Cities, Environment and Liveability (CEL) Pathway training session
Date & Time: Wednesday 20 March 2019, 9.30am – 4.00pm (followed by a professorial lecture until 5.30pm)
This one-day event will take doctoral researchers on a journey through innovative methods for interdisciplinary infrastructure investigations. The morning will include mini-workshops from leading infrastructure researchers exploring different methodological approaches to understanding urban infrastructure challenges and configurations, including:
- Investigating infrastructure landscapes through in-depth qualitative enquiry (Vanesa Castán Broto, University of Sheffield)
- Historical Geographies of Infrastructure: the Value of Maps, Plans, Diagrams and other Visual Documentations (Martin Dodge, University of Manchester)
- Locating leaks in Calgary: investigating infrastructure through public art (Becky Shaw, Sheffield Hallam University)
- Experiences of an interdisciplinary infrastructure PhD investigator (Ashley Lewis, University of Nottingham)
After lunch attendees will directly participate in a live investigation into urban energy invisibility through a walking tour of Sheffield’s district heat network and incinerator.
Researchers will gain an appreciation of how a wide range of creative approaches can be put to use in interdisciplinary enquiry within and beyond the social sciences, including direct experience of trialling innovative qualitative methods.
Dr Will Eadson is the Postgraduate Research Tutor at the Centre for Regional Economic and Social Research at Sheffield Hallam University. He has worked in environmental, economic and social policy research and teaching since 2004, on a wide range of research projects for local, regional and national government, charities and housing bodies. Will’s central research interests lay around the urban sustainability and energy transitions, with particular interest in the position of local economies that might be vulnerable or exposed to changes in policy or the economic value of carbon emissions.
Will is also currently leading a programme of work around the future of urban green space, including two research projects for Groundwork UK, focusing respectively on catalysing community engagement with green space and engaging young people in green space and environmental action.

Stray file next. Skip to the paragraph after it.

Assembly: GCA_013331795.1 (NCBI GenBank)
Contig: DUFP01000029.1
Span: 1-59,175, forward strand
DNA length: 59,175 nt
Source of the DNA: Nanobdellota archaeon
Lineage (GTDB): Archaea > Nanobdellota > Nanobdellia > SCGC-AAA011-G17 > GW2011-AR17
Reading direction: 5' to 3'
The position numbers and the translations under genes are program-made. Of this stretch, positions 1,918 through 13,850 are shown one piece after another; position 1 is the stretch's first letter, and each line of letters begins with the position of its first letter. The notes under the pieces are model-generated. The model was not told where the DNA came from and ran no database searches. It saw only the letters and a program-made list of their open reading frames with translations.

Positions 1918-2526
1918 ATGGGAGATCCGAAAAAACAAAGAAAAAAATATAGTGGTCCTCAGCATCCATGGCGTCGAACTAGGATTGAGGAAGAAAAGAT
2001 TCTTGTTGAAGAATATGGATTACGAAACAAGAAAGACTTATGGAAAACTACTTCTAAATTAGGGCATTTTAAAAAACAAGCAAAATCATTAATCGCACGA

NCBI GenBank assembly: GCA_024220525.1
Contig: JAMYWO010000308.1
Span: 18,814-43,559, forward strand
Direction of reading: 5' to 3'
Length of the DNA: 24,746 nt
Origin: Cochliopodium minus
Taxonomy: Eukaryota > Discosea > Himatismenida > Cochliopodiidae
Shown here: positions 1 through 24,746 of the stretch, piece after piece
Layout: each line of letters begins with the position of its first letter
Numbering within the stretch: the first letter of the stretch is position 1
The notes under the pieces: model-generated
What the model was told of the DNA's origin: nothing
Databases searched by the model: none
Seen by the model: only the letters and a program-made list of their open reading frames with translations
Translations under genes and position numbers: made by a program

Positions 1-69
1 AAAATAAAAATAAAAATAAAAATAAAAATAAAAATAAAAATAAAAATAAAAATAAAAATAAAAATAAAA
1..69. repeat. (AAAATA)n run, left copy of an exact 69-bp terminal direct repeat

Professor Vanesa Castan Broto is a Professorial Fellow in the Faculty of Social Sciences working out of the Urban Institute at the University of Sheffield. Her research has been funded by the British Academy, Leverhulme Trust, ESRC, EPSRC and the Institution of Civil Engineers. In 2016 she received the Philip Leverhulme Prize for contributions to Geography. In 2013 she received a United Nations Award for Lighthouse Activities that contribute to fight climate change with a focus on the urban poor.
Dr Martin Dodge is a Senior Lecturer in Human Geography at the University of Manchester. He completed his PhD at University College London and previously worked at Cardiff University and the University of Nottingham as a researcher. Martin’s research interests focus on the social and spatial enrolment of digital technologies as well as research on urban historical geography, the politics of maps and visualisation, and developing a cultural understanding of infrastructures.
Dr Becky Shaw is a Reader in Fine Art and the Postgraduate Research Tutor for the Art and Design Research centre at Sheffield Hallam University. After co-leading art and architecture gallery, STATIC between 2000-2006, Becky undertook a number of teaching and undergraduate and postgraduate course leadership roles. She now leads the PhD cohort in the Art and Design Research Centre.
Ashley Lewis is a Postgraduate Research Student and Part-time teacher at The Faculty of Social Sciences, University of Nottingham. Ashley is currently doing a PhD in Science and Technology studies about interdisciplinary research approaches to urban sustainability research projects. Her work forms part of the wider Leverhulme Trust programme, ‘Sustaining urban habitats: an interdisciplinary approach’. Using this research project as a case study, she is using ethnographic and discourse analysis methods to to map how interdisciplinarity works in practice as well as identifying key opportunities and barriers in the process.
PLEASE NOTE: Students are responsible for arranging travel to and from these Specific Training sessions. The WRDTP cannot reimburse travel costs to these sessions.